" Strummer's widow Lucinda has revealed that he burnt the midnight oil
song writing at their West Country farmhouse as he composed for the album
he would never hear.
She said yesterday: "He loved the night. He would be up throughout the
hours of darkness in what he called his 'woodshed'. He worked with pen
and paper. When he was getting somewhere with the lyrics, he would sit
at his old-fashioned Remington typewriter, bashing them out.
"In the morning, as I'm getting the breakfast, he'd say, 'Babe, come
here and hear what I've done'. We'd all shuffle through and listen at
7.30 in the morning.
"He'd do endless versions, eight or 10 goes at typing out the lyrics -
and then he'd be happy with it. He was a complete night person."
Her husband had booked a studio to make the album, and had even written
down the title, Streetcore, but he died suddenly last December at 50,
the victim of a rare heart condition.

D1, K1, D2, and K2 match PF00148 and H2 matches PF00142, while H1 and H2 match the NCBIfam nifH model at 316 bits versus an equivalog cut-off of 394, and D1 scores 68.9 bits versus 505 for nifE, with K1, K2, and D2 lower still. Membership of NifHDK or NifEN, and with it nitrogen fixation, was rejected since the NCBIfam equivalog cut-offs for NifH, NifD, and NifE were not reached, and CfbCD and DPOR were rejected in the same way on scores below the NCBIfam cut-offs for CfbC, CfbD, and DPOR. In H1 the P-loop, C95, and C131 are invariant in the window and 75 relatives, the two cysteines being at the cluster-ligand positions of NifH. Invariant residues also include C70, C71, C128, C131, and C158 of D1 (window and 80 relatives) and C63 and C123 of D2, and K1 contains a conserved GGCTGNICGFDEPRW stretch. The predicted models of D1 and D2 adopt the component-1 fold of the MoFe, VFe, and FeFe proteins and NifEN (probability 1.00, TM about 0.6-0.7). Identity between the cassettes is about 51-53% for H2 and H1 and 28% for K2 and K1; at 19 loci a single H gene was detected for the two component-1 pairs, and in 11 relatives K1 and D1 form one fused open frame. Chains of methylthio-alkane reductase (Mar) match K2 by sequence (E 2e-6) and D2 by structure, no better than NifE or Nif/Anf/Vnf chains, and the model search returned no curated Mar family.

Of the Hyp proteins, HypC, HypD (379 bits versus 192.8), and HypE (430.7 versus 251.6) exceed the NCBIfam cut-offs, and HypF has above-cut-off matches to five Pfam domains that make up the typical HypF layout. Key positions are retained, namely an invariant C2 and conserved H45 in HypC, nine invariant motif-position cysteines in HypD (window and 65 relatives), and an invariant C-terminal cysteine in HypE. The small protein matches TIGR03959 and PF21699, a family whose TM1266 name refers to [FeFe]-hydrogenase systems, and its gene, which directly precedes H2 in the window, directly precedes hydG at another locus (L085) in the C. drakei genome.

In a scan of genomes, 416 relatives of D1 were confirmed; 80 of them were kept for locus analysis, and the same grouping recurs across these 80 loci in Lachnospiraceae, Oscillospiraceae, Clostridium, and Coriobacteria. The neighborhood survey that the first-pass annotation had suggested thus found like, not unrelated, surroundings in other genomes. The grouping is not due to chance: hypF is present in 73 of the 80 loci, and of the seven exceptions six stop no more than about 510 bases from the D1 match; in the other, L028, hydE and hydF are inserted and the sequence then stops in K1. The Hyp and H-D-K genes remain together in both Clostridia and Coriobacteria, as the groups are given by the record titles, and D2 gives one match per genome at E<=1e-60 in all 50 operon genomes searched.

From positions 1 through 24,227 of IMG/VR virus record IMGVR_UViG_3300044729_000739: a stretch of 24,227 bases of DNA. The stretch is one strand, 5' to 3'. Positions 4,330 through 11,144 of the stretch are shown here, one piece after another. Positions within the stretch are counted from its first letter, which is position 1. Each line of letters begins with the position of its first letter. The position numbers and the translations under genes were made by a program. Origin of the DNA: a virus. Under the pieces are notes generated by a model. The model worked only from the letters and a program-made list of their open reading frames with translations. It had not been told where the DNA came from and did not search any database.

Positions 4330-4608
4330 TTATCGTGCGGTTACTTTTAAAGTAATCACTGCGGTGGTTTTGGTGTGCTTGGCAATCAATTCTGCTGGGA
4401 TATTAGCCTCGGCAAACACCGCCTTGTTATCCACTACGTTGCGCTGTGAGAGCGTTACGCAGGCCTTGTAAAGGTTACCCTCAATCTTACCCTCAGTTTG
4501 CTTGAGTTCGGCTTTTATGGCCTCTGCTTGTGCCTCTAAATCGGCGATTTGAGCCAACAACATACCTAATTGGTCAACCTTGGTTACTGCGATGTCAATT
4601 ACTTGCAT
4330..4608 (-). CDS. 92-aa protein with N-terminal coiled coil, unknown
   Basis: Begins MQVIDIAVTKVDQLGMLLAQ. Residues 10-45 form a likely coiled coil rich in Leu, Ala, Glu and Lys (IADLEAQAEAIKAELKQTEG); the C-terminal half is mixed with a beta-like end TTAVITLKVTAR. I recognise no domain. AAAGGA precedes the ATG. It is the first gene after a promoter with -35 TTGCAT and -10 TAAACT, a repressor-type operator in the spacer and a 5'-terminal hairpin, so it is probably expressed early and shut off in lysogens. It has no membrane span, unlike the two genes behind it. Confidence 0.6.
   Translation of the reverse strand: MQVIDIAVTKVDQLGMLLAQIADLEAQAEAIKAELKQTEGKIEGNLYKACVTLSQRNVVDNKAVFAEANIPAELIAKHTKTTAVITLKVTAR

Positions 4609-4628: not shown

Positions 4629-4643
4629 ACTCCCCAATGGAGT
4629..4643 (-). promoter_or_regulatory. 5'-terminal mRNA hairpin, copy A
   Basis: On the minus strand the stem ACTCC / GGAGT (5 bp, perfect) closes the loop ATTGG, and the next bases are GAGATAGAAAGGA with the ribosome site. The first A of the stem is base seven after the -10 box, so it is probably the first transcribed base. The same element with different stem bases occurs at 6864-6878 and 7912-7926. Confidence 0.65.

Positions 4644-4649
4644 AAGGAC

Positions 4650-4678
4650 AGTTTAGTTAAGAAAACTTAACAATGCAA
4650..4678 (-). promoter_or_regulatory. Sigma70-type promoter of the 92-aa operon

Lucinda, who found him unconscious at their home in Broomfield,
Somerset, tried to revive him with mouth-to-mouth resuscitation. Now, in
the wake of the many tributes to the former leader of The Clash, she has
helped his band, The Mescaleros, to complete the 10-track album for
release on Oct 21.
She said: "It was very much on his mind. He came back from a mini-tour
of Japan and said, 'We're sounding fantastic'. He booked a swift tour of
the UK, anxious to keep everything tight for the recording.
"The music was back to his rock 'n' roll roots, and he was trying out
songs until the end, performing in Acton and Liverpool. He said, 'I love
the music we're producing'. I know no rhyme or reason for the songs.
Joe's lyrics were so personal to him. You'd hear people coming up to him
all the time to explain what he meant."
An irony of the album is that one of its two cover versions is Bob
Marley's Redemption Song, which he recorded in America with Johnny Cash
who has also just died.
Album proceeds are to go to Strummerville, a charity that is being
founded with the help of Strummer's close friend, the artist Damien
Hirst. Lucinda said: "Joe started busking in the subways and we plan to
use the money to help struggling musicians."